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Comfort at your Computer
Sep 24, 2020

Reading time 3 min.

In these past few months, many of us have been spending a lot more time in front of our computer screens: whether conference calling for business or pleasure, teaching on screen, or spending more leisure time inside our four walls.

When we work at a computer we tend to be sitting on a chair. And most of us have some habits of asymmetry or unnecessary holding of muscles when we sit for any length of time. With the brightness of a screen, or focus on a particular task, we tend to lose some sense of ourselves, the moving image taking over from our physical senses. Add to that staring at a screen at a set distance from our eyes for hours a day, and it is a recipe for un-ease.

We’re not designed to sit still. Our bio-mechanics are designed for movement. It’s why children have to be trained to sit for schooling, and little children find it one of the hardest things to do. It is not inherent to our system.

Even ribs were built first of all for motoring around, and then later the ribs enclosed our lungs. We originate from water creatures, with gills. Lungs came along second.

Why is that important to know? Well, if you think your ribs are only there to protect your most important organs (the heart and lungs) you’ll think of them as protective armour, and be more prone to stiffening them, but if you think of your ribs as being around to help you and your spine be and stay mobile, to move more easily, I’ll bet you’d then move them a little more than if you imagine the latter idea.

So, how does this help one’s comfort at the screen? Often I see clients who have developed shoulder pain, or back pain whilst working. And its usually from a lack of support from the base, added to holding themselves stiffly. If that’s just once in a while, but if its day in and day out, leaning to one side (probably the opposite one from your mouse) then at some point your back/neck/shoulder may start to complain at the habitual asymmetrical posture of the spine, ribs and fascia (connective tissue- everything but the bones).

When we’re sitting, using our hands, we need a good base of support, from the bottom and the feet. When we sit behind the sitting bones, (more at the top of the buttocks) then we’re using muscular effort to hold ourselves up instead of the more structural support of the skeleton. Which then limits how we can hold our ribs, and from that use and move our shoulders and neck. If we don’t use our legs to assist, then we’re also missing out on an easier way to support the low back and abdomen. And over time, the small habits we have of sitting, little blocks missing in the ladder of support for our shoulders and head can add up in a negative way.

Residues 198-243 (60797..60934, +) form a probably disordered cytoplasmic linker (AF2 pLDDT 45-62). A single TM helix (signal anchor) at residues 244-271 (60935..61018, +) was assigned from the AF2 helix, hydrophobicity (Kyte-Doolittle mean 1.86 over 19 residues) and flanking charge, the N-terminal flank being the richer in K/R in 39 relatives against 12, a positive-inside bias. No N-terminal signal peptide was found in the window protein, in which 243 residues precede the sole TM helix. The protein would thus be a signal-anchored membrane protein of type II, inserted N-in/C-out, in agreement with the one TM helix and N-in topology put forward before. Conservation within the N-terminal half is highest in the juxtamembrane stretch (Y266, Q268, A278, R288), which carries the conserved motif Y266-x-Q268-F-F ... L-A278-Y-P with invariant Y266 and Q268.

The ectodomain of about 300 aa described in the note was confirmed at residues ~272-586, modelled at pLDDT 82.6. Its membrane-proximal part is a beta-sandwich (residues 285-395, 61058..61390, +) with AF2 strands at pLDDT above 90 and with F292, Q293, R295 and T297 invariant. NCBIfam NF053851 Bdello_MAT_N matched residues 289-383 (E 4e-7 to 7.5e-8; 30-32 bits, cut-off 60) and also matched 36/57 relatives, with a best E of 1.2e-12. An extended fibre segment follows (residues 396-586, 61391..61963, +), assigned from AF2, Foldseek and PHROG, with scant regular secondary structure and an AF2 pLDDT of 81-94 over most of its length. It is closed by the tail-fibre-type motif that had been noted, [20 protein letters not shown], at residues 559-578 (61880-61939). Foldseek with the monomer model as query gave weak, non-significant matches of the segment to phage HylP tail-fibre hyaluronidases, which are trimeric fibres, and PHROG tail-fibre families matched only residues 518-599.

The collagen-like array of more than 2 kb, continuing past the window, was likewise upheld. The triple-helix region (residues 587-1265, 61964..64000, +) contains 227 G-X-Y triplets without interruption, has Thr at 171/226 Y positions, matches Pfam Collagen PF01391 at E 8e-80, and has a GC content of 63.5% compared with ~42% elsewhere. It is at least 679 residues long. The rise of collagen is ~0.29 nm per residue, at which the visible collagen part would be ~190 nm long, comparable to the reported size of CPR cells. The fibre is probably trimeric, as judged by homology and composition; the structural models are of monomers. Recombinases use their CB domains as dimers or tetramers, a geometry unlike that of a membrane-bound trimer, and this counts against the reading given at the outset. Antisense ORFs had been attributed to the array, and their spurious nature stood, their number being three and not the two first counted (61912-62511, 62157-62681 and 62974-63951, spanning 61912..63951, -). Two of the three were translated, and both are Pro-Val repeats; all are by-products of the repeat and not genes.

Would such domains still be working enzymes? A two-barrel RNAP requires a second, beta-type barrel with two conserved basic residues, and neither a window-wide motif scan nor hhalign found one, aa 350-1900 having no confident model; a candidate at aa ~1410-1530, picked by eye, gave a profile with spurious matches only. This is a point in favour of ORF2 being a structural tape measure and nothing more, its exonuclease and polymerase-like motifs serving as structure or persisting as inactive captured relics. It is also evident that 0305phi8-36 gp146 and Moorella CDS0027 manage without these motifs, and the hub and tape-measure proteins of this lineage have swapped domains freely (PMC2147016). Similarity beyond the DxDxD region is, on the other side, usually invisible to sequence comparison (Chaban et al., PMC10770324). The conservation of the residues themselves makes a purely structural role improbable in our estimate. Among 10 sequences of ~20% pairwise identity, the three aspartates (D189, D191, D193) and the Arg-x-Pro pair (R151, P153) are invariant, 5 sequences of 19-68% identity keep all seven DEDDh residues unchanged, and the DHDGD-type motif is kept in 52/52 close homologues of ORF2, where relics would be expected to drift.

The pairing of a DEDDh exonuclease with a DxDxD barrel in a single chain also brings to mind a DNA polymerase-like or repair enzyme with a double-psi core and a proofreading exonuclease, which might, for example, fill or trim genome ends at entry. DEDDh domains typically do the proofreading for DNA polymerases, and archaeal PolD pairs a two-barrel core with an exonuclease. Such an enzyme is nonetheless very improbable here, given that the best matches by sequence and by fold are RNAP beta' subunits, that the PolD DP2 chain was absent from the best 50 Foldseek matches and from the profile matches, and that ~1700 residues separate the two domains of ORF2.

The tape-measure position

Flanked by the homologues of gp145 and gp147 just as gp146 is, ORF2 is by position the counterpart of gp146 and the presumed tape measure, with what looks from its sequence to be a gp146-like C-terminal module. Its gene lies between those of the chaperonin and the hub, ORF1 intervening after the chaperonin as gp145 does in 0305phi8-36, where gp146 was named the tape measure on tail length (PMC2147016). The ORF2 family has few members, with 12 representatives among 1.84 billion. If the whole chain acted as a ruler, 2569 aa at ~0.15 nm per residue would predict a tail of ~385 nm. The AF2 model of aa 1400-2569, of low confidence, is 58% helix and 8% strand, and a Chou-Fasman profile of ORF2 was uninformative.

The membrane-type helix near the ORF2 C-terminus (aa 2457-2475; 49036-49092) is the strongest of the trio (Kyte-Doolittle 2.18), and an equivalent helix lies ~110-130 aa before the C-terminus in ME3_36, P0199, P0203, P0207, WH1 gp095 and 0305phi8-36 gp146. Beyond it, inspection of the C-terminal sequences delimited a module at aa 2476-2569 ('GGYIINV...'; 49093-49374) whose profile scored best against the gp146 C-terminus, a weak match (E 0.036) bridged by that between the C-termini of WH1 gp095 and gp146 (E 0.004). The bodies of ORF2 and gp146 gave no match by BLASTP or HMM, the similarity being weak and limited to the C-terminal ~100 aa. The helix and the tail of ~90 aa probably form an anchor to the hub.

If you think of needing to move as you work, even if constrained by your eyes looking at the screen or your fingers on the keyboard, then there’s more room to play. with changing the weight over your buttocks or feet as you type (which I’m doing as I type this. A little micro-dancing in the chair always livens up life I find!

If you don’t think that there’s a connection between the freedom of your shoulders and your fingers, then you wouldn’t think to lessen the strain on your wrists by thinking about your spine and shoulders, or to assist discomfort in the shoulders with finding greater mobility in your ribs, so that they can support the shoulders in any position.

In case you’re wondering the benefits you might feel from joining a lesson, here some comments from a recent Feldenkrais lesson:

“Thanks for a great session this morning. Am finding the process so interesting in how it resets the body, which is then emotionally transformative.”

“THAT WAS GREAT. I felt very much lighter after the moving”

“Wonderful to feel a different sensation afterwards. Much ‘softer’ neck and jaw, and my breath seemed much smoother and more even.”

I loved this session. My pelvis felt as though it was lighter and I was able to find greater flexibility in the spine. Thank you, Emma!”

Photo credit: Marvin Meyer @Unsplash.

Leave your comments / questions

2022-08-03 20:28 UTCreply toHello! Thank Yo…

Thanks! Yes, Feldenkrais can help with most musculoskeletal pain.

2021-05-20 16:40 UTC

Yes, Eva, as we are not a bag of parts, but an interconnected system, when we work on one area we can improve the way we use other parts.

Eva Glain
2021-05-18 21:01 UTC

Hello! Thank You so much for the article, it is very interesting to learn about such a strong connection between our seemingly independent parts of the body! Do I understand correctly that the exercises You proposed help to cope with pain not only in the back, but also in other parts of the body?

Feldenkrais method
Emma Alter
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Feldenkrais method
Emma Alter
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